Haslam updates Pilot Flying J situation via 12-minute speech

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Since football season began, the football media hasn’t been paying far more attention to the football team Jimmy Haslam owns than the billion-dollar truck-stop business his family founded.

On Monday, a day after the Browns won their second straight game after supposedly giving up on the season (some would say that only the Browns could screw up trying to lose), Haslam delivered a 12-minute statement regarding the ongoing legal issues involving Pilot Flying J.

“This has been a very humbling, very embarrassing time,” Haslam said, via John Caniglia of the Cleveland Plain Dealer.

Seven Pilot Flying J sales employees have pleaded guilty to fraud charges arising from a rebate program that withheld money from customers.

The timing of the press conference is a bit unusual.  Unless Haslam has been told he won’t be charged criminally (which is unlikely, given that he declined to answer questions), anything he says can be used against him by prosecutors.  Still, the comments undoubtedly are aimed at boosting the company’s business interests in some tangible way.

In addition to the criminal probe, numerous civil lawsuits have been filed.  A nationwide settlement tentatively has been approved, but multiple customers plan to opt out and pursue their own recoveries.

Haslam described efforts to reimburse customers as “mammoth” and the efforts of those who helped determine the amounts owed “heroic.”  But he nevertheless downplayed the extent of the fraud, calling the underpayments an “extremely small percentage” and a “fractional amount” of the company’s sales.

Several weeks have passed since the latest guilty pleas.  Prosecutors have been tight-lipped about the situation, allowing those who admit to violations of federal law do the talking with their acceptance of responsibility for it.

15 responses to “Haslam updates Pilot Flying J situation via 12-minute speech

  1. Billionaires all have skeletons in the closet.

    You don’t get rich enough to own an NFL team by practicing honorable business ethics and a sucker is born every minute.

    The real question here is how long or how many times had they gotten away with it before?

  2. What do you expect, he started ownership with Pittsburgh. Learned first hand how to screw people from the Rooneys

  3. Can’t people just simply act honorably anymore? If we have a deal where you agree to pay me some amount of money, then pay me my damn money, without us having to bring lawyers and courts into the equation.

  4. “…an “extremely small percentage” and a “fractional amount” of the company’s sales…”

    A very small percentage of sales can be a very large percentage of profit. Does he think everyone is stupid? He’s reached the hight of arrogance to say that and think people will believe it. Hope he has to sell the Browns. The fans deserve better.

  5. Money corrupts people. And in the profit over everything that this society has moved toward it has gotten worse. Mayors, directors of large hospitals, politicians en masse (not too many politicians aren’t corrupt), everybody is taking hand outs and kickbacks that would keep Andy Dufresne busy until rapture. He just got caught, but it is a wonder that the FBI was able to keep it a secret. As long as:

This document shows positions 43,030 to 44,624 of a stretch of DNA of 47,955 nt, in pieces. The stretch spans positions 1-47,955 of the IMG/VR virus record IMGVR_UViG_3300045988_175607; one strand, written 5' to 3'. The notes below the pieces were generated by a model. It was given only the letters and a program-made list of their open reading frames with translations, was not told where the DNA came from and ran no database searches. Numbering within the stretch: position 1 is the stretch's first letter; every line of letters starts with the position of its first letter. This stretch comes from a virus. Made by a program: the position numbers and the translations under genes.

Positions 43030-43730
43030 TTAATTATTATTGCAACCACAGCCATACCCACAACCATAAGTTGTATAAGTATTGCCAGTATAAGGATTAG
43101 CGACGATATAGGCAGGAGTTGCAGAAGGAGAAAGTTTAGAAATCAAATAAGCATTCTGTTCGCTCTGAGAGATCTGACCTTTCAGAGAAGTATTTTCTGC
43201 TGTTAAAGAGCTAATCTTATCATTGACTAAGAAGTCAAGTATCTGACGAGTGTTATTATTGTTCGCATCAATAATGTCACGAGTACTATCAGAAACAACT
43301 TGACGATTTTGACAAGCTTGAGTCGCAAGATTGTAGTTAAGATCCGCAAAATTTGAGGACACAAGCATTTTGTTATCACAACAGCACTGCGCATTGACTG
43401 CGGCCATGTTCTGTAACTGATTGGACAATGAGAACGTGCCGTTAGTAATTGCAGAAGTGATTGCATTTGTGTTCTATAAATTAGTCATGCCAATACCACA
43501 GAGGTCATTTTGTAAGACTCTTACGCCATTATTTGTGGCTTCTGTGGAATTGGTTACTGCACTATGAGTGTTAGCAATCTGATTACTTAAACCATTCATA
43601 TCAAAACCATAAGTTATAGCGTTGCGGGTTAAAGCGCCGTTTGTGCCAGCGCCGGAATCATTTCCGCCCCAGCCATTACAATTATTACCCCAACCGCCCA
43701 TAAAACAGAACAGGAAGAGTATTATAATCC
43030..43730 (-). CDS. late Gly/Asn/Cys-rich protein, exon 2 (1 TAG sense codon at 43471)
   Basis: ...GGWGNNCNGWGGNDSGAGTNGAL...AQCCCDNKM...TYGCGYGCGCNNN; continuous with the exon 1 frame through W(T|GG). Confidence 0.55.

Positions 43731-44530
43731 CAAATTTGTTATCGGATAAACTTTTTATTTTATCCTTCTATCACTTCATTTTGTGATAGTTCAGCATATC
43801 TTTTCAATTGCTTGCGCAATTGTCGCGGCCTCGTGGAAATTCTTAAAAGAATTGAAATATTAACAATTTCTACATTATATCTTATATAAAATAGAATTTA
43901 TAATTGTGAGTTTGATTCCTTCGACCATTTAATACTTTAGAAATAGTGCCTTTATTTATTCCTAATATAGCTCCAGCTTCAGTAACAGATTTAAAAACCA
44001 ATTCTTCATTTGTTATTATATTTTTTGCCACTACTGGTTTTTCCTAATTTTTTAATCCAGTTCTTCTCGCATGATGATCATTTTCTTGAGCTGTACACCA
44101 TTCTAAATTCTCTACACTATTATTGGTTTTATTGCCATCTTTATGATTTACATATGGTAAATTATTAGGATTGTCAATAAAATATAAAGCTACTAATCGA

1: the defrauded get their money plus some
    2: The Browns don’t change owners/leadership again

    I am fine.

  6. He is going away. Those people didn’t cop a plea so Jimmy has to pay a bigger fine, they took a plea because The FBI has an iron clad case against them and they will have to rat out Haslam. He is going to be criminally charged any day now. This is just him letting us know it’s coming down.

  7. While I’m glad his money’s no longer tied up with the Steelers, this stinks for the Browns. This investigation has been going on for a while now. Doesn’t the NFL vet potential owners to avoid these situations? The Cleveland franchise has been through more than enough upheaval without having an owner dealing with criminal charges.

  8. I assume that Haslam and the Browns are not “hillbilly” enough for the writer?

    Can a former lawyer and a fan of the Mountaineers and the Steelers ever support any team or team owner who dwells closer to sea-level? I don’t think so…

  9. @joemammy …

    Was just thinking that if he wound up in jail, he might have to sell the team. Would hate to see the Browns go through yet another ownership change.

  10. Funny- I remember untold amounts of commenters here saying things to the effect that the legal problems for Haslam were going to spell another disastrous year for the Browns. I kept thinking to myself, “Why do so many people here think that when the owners day to day business dealings have basically nothing to do with how a team performs on the field?”

    Four weeks later, with the Browns having won their last two and clearly being on an upswing while the rest of the AFCN falls apart- and having the 3rd ranked defense in the NFL, I’m still struggling to figure out how Haslam’s troubles are negatively impacting the team.

    Then again, the last time the Browns had a sketchy owner who made underhanded business deals, they won an NFL championship, appeared in the following one, went to the AFC championship three times, and appeared in the playoffs frequently.

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